60
  • Why did the British move the war South?
  • What did the loss at the Battle of Charles Town
    mean for the Continental Army?
  • What kind of "guerrilla war" was fought in the
    South? What role did the Swamp Fox play?
  • What does General Greene accomplish?
  • Why did the British lose at Yorktown and what was
    the significance of the battle?
  • What role did the French play in helping the
    Americans win the war?
  • Why did the Americans win? Looking at the chart
    on page 218, what was the most important American
    strength and British weakness?
  • What did Washington mean in his farewell letter,
    that the army's endurance "through almost every
    possible suffering and discouragement for the
    space of eight long years, was little short of a
    miracle."?

61
Path to American Victory
  • British believing that most Southerners Loyalist,
    moved war there in 1778
  • After three years of fighting in North no closer
    to victory, could not control countryside
  • Thought if they could take the South, loyalists
    there would hold it
  • Expected African slaves to join them, had
    promised freedom, many did, others sold
  • Closer to bases in West Indies (troops and
    supplies)

62
Do Now
  • This weekend read 7.3, look over review sheet on
    hw page
  • What was the most interesting thing you learned
    about your topic? What surprised you?
  • If you went back in time, would you have wanted
    to be this person?

63
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64
Savannah Charleston
  • In December 1778, British captured Savanah,
    Georgia, conquered most of Georgia
  • British seize Charleston, South Carolina, nearly
    take all of Americans Southern army, worst
    American defeat of war

65
The 1779 Battle of Savannah was one of the
deadliest of the entire American Revolution. The
overwhelming defeat of French and American forces
resulted in an allied withdrawal and in
approximately 800 wounded or killed, with British
losses totaling 55 wounded or dead. The
British victory in Savannah rekindled England's
spirit for the war, in part because the victory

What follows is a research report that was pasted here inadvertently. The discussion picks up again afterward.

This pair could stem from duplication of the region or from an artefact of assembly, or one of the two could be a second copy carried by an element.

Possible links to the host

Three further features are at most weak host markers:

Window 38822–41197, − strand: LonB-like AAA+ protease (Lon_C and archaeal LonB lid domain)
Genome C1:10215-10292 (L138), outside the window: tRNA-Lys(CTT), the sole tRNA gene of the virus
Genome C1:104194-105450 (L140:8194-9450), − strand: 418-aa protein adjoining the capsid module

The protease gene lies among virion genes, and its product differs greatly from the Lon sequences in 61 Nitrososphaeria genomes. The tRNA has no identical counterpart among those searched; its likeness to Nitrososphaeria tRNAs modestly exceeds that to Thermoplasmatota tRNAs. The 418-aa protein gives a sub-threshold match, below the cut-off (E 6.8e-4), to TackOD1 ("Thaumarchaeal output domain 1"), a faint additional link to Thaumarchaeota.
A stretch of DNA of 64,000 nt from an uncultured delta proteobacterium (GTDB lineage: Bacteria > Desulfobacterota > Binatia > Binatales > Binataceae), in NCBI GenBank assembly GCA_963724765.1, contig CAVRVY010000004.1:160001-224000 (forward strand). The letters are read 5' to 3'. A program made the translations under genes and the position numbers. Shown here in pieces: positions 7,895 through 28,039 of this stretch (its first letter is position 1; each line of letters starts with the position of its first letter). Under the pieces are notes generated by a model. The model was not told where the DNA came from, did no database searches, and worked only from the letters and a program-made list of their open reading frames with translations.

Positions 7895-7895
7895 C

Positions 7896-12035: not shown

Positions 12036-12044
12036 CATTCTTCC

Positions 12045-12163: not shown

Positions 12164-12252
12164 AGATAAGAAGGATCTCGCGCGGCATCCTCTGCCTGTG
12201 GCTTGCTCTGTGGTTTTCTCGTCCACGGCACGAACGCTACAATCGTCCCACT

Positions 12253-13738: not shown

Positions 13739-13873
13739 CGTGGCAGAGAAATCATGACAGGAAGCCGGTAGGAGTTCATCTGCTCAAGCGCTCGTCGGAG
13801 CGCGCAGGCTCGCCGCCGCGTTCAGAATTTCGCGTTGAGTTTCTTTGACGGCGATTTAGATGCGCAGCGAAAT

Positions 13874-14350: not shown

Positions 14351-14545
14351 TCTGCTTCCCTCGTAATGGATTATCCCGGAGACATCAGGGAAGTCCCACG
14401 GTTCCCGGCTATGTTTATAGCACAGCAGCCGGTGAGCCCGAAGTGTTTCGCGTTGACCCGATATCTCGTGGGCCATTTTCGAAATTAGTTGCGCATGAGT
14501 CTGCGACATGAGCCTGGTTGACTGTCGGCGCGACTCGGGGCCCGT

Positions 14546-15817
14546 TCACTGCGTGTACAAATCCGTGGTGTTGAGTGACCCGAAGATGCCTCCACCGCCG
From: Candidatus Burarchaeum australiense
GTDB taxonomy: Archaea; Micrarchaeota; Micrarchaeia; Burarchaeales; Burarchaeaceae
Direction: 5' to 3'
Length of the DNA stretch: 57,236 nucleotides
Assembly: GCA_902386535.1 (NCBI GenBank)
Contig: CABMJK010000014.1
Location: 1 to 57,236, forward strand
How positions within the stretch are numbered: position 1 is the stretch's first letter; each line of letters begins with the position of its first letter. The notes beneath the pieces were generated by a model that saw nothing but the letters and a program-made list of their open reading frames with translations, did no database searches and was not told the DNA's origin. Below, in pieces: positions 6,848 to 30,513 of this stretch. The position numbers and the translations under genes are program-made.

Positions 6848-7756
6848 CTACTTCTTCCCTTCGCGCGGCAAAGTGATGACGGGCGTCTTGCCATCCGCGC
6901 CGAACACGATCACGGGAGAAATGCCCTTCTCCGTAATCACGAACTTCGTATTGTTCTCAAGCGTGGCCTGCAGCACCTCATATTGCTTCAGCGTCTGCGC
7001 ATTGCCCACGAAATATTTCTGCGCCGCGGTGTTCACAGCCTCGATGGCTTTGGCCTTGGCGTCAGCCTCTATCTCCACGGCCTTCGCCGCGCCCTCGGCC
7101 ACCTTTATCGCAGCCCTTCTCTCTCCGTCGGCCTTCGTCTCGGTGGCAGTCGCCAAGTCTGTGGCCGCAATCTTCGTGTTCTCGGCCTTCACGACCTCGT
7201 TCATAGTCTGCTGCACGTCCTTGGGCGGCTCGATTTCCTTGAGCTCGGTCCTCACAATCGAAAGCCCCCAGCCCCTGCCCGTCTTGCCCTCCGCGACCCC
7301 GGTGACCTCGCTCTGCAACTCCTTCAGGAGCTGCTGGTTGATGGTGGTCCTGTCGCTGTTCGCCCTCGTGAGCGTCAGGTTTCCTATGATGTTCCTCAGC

defeated troops of the regular army of France as
well as American rebels. The battle marked the
first time French regular army units fought on
American soil in the Revolutionary War.
66
The fall of Charleston was a sad blow to the
patriot cause -- the most disastrous event of
the war, except the fall of Fort Washington on
the Hudson four years before. It gave Clinton
control of South Carolina as well as of Georgia,
and that offlaer now called away for New York,
leaving Cornwallis in command with five thousand
men. During the following months the scene in
the Carolinas and Georgia was one of wild
disorder and anarchy. A large portion of the
people were loyalists, and scarcely a day passed
without hand to hand encounters, bloodshed, and
murder. The patriots were without an army, but
bands of roving volunteers annoyed the British
incessantly.
67
Swamp Fox Guerrilla War
  • British army in South led by General Cornwallis,
    new American Southern army led by General Gates
  • American spirits fell as a starved, ill equipped
    army lost in South Carolina
  • Francis Marion, the Swamp Fox, carried out
    guerrilla raids
  • Guerrilla small groups of soldiers who weaken
    enemy with surprise hit and run attacks
  • Both Patriots and Loyalists carried out vicious
    guerrilla raids against each other

68
Francis Marion the Swamp Fox
69
Battle of Camden (August 1780)
  • General Gates and his troops out of supplies and
    starved, makes mistake of putting inexperienced
    militia up front
  • Americans panic, Gates flees, Kalb stands his
    ground, but killed
  • Gates fired, American defeat sinks spirits to new
    low

70
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71
Now and Then
  • American Revolution similar to more recent wars
  • Worlds most powerful nation Britain bogged
    down in war against small guerrilla army the
    Patriots
  • British superpower had to supply forces from
    thousands of miles away, war unpopular in Britain
  • Patriots received assistance from Britains
    primary military and political enemy - France

72
Tide Turns
  • Battle of Kings Mountain near border of North
    and South Carolina (1780)
  • Loyalist and British soldiers surrounded and
    slaughtered, many after surrendering
  • Reprisal for loyalist raids
  • General Nathanael Greene new American commander
    in South, kicked out of Quaker church for not
    being pacifist
  • Pacifist opposed to war
  • Patriots wore out British with small skirmishes
    designed to inflict heavy losses

73
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74
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75
The End of the War
  • In 1781 most of fighting took place in Virginia
  • British General Cornwallis set up base at
    Yorktown on Chesapeake Bay
  • Washington took advantage, August 1781 French